IPv6 Prefix Length Recommendation for Forwarding
draft-ietf-v6ops-cidr-prefix-02

The information below is for an old version of the document
Document Type Active Internet-Draft (v6ops WG)
Last updated 2015-05-04 (latest revision 2015-04-20)
Replaces draft-boucadair-6man-prefix-routing-reco
Stream IETF
Intended RFC status Best Current Practice
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Needs 7 more YES or NO OBJECTION positions to pass.
Responsible AD Joel Jaeggli
Send notices to "Lee Howard" <lee@asgard.org>
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v6ops Working Group                                         M. Boucadair
Internet-Draft                                            France Telecom
Intended status: Best Current Practice                       A. Petrescu
Expires: October 22, 2015                                      CEA, LIST
                                                                F. Baker
                                                           Cisco Systems
                                                          April 20, 2015

            IPv6 Prefix Length Recommendation for Forwarding
                    draft-ietf-v6ops-cidr-prefix-02

Abstract

   IPv6 prefix length, as in IPv4, is a parameter conveyed and used in
   IPv6 routing and forwarding processes in accordance with the
   Classless Inter-domain Routing (CIDR) architecture.  The length of an
   IPv6 prefix may be any number from zero to 128, although subnets
   using stateless address autoconfiguration (SLAAC) for address
   allocation conventionally use a /64 prefix.  Hardware and software
   implementations of routing and forwarding should therefore impose no
   rules on prefix length, but implement longest-match-first on prefixes
   of any valid length.

Requirements Language

   The key words "MUST", "MUST NOT", "REQUIRED", "SHALL", "SHALL NOT",
   "SHOULD", "SHOULD NOT", "RECOMMENDED", "MAY", and "OPTIONAL" in this
   document are to be interpreted as described in RFC 2119 [RFC2119].

Status of This Memo

   This Internet-Draft is submitted in full conformance with the
   provisions of BCP 78 and BCP 79.

   Internet-Drafts are working documents of the Internet Engineering
   Task Force (IETF).  Note that other groups may also distribute
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   Internet-Drafts are draft documents valid for a maximum of six months
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   This Internet-Draft will expire on October 22, 2015.

Boucadair, et al.       Expires October 22, 2015                [Page 1]
Internet-Draft                                                April 2015

Copyright Notice

   Copyright (c) 2015 IETF Trust and the persons identified as the
   document authors.  All rights reserved.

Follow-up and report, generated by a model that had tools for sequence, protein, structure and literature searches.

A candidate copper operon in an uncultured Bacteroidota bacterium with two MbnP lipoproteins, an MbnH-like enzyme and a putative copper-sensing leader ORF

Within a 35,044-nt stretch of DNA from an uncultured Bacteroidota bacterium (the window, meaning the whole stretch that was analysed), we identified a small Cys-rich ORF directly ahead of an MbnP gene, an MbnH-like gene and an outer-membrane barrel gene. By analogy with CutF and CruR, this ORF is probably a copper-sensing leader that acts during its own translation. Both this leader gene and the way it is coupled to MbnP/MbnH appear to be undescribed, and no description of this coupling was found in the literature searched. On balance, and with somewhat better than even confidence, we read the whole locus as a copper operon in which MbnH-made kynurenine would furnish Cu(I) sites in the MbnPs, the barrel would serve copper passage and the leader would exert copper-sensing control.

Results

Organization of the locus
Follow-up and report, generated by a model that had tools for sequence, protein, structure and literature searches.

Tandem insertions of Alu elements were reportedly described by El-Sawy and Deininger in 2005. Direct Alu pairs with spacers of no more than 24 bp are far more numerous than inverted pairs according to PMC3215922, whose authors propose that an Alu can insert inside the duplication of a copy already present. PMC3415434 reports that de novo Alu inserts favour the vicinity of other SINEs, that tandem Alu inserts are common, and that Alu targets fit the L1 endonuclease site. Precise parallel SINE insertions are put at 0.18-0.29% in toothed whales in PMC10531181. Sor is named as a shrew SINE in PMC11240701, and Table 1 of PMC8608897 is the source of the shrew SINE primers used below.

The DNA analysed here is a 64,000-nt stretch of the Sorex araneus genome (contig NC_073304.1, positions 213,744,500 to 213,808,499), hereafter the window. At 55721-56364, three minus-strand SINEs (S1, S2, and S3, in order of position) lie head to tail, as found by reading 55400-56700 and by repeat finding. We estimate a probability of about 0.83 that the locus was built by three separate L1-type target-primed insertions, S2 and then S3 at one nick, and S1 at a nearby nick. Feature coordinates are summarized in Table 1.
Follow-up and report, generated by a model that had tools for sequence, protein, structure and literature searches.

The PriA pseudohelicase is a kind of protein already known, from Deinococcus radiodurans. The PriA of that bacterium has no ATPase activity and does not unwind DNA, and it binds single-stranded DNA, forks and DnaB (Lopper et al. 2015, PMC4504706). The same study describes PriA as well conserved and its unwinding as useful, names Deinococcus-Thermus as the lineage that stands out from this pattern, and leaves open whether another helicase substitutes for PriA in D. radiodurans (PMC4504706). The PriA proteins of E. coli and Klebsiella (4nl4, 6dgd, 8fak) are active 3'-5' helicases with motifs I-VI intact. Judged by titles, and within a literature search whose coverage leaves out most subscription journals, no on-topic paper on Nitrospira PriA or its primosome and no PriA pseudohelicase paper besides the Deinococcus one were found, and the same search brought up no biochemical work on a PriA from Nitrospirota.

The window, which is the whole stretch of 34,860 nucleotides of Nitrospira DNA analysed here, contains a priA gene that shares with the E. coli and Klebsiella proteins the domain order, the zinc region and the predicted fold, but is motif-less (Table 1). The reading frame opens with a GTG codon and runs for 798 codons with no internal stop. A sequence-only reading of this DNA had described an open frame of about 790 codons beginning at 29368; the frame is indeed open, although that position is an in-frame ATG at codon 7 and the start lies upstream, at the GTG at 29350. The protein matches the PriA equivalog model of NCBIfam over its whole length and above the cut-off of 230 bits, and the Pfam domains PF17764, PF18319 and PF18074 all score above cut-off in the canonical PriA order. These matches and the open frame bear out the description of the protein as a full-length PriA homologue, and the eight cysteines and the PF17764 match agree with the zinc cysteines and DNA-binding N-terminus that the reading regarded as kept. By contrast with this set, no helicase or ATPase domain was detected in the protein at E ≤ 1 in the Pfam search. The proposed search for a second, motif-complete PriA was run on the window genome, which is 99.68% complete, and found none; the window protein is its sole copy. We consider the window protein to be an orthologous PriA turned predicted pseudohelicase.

This document is subject to BCP 78 and the IETF Trust's Legal
   Provisions Relating to IETF Documents
   (http://trustee.ietf.org/license-info) in effect on the date of
   publication of this document.  Please review these documents
   carefully, as they describe your rights and restrictions with respect
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   include Simplified BSD License text as described in Section 4.e of
   the Trust Legal Provisions and are provided without warranty as
   described in the Simplified BSD License.

Table of Contents

   1.  Introduction  . . . . . . . . . . . . . . . . . . . . . . . .   2
   2.  Recommendation  . . . . . . . . . . . . . . . . . . . . . . .   3
   3.  IANA Considerations . . . . . . . . . . . . . . . . . . . . .   3
   4.  Security Considerations . . . . . . . . . . . . . . . . . . .   3
   5.  Acknowledgements  . . . . . . . . . . . . . . . . . . . . . .   4
   6.  References  . . . . . . . . . . . . . . . . . . . . . . . . .   4
     6.1.  Normative References  . . . . . . . . . . . . . . . . . .   4
     6.2.  Informative References  . . . . . . . . . . . . . . . . .   4
   Authors' Addresses  . . . . . . . . . . . . . . . . . . . . . . .   5

1.  Introduction

   Discussions on the 64-bit boundary in IPv6 addressing ([RFC7421])
   revealed a need for a clear recommendation on which bits must be used
   by forwarding decision-making processes.  However, such a
   recommendation was out of scope for that document.

   Although Section 2.5 of [RFC4291] states "IPv6 unicast addresses are
   aggregatable with prefixes of arbitrary bit-length, similar to IPv4
   addresses under Classless Inter-Domain Routing" (CIDR, [RFC4632]),
   there is still a misinterpretation that IPv6 prefixes can be either
   /127 ([RFC6164]) or any length up to /64.  This (mis)interpretation
   is mainly induced by the 64-bit boundary in IPv6 addressing.

   As discussed in [RFC7421], "the notion of a /64 boundary in the
   address was introduced after the initial design of IPv6, following a
   period when it was expected to be at /80".  This evolution of the
   IPv6 Addressing architecture, resulting in [RFC4291], and followed
   with the addition of /127 prefixes for point-to-point links, clearly
   demonstrates the intent for future IPv6 developments to have the
   flexibility to change this part of the architecture when justified.

Boucadair, et al.       Expires October 22, 2015                [Page 2]
Internet-Draft                                                April 2015
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